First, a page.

But, I digress!  The fact is, books can do things that film cannot; and film can do things that books cannot.  Taking advantage of the strengths of each medium is the job of the author and the filmmaker.  Understanding that some of the coolest parts of a book simply cannot translate well to the screen is part of the process of learning to appreciate film for its own strengths.  To give the most obvious example:  a film cannot get inside a character’s mind as intimately as a book can.  Other means must be found to allow the viewer access to the thought processes of the characters.  Another translation challenge is a lack of information.  At times in a written work, the author can state a complicated process quite simply and leave the details to the imagination.  “He quickly explained to his friends all that had happened to him in the previous few days.”  “A short scuffle ensued, ending with Mr. Smith head-down in the well.”  The film maker must make a decision as to how to convey these simple sentences visually.  Obviously the conversation must be shown to take place–but what do the characters say?  Or should the conversation simply be alluded to in a later scene so that the viewer knows that all the characters are now up to speed on the happenings of the story?  How should this “short scuffle” be choreographed?  How do we send Mr. Smith head-down into a well without killing the actor portraying him?  What can be a throw-off sentence to the author can become a major head-ache to a filmmaker.

Another problem is length.  A novel can be as long as the author wishes it to be.  A film usually cannot be longer than two or three hours at most.  A novel does not cost the author more the longer it gets.  A film’s costs multiply with each day it takes to shoot.  Therefore, it becomes necessary sometimes to condense a novel into a more manageable size.  Some scenes must be combined; some must be cut out altogether or perhaps only alluded to.  Some characters may even be combined to make the cast a more manageable size.

Here is a more complex example of changes in translation:  The Ghost of Christmas Past in “A Christmas Carol” is a highly symbolic creation, depicted masterfully by Charles Dickens as being perceived as “receding into the distance” and as made up of parts of all the people Ebenezer Scrooge had ever known.  As many times as this book has been made into a movie, no one has ever attempted to depict this character as it is described in the book.  Until recently, it would have been simply impossible to do; but even now, with CGI making so many wonderful things possible, I think it would be a mistake to translate this Ghost literally onto the screen.  Its appearance would simply be too distracting for meaningful dialogue to take place.  In the book, the reader is allowed to forget during conversation that the Ghost is strobing in and out of many different bodies.  On film, the viewer would be overwhelmed by the constant changes.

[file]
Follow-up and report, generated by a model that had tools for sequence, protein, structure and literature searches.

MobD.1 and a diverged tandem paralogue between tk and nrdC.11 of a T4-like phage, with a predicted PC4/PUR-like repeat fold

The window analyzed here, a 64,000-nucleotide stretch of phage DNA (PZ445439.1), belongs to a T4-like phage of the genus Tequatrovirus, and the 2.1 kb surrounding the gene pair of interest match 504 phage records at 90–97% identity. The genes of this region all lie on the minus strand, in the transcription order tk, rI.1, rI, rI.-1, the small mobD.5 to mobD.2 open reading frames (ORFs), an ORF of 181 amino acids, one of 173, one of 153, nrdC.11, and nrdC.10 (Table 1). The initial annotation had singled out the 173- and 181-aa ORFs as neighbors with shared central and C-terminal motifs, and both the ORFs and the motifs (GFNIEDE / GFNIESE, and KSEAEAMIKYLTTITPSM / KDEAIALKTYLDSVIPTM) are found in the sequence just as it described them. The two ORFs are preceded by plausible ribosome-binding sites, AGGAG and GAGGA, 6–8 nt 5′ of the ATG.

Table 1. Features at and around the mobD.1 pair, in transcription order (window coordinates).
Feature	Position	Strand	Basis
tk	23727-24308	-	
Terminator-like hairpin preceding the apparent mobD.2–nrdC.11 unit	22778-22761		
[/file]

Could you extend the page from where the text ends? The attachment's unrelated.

On the other hand, sometimes filmmakers make decisions in translation that are not defendable and are even deplorable.  Giving a character more lines because one is paying the actor an exorbitant  salary is using poor reasoning skills.  Changing the very meaning of the work by altering the ending (as in, for example, “Beowulf”–don’t get me started!)  is just plain evil.  Being able to tell the difference between good and bad choices would be an important part of the educative process.  Simply accepting any changes a filmmaker makes without questions would be as bad as automatically condemning the changes out-of-hand.  Teaching a student to think about the film and how it was made and giving the student tools to help him discern good filmmaking from poor filmmaking would be the goal.

Next year, I plan to incorporate some films into my literature curriculum and hold class discussions in hopes of helping my students gain viewing skills that will help them navigate through our cultural morass of visual media.  Wish me luck!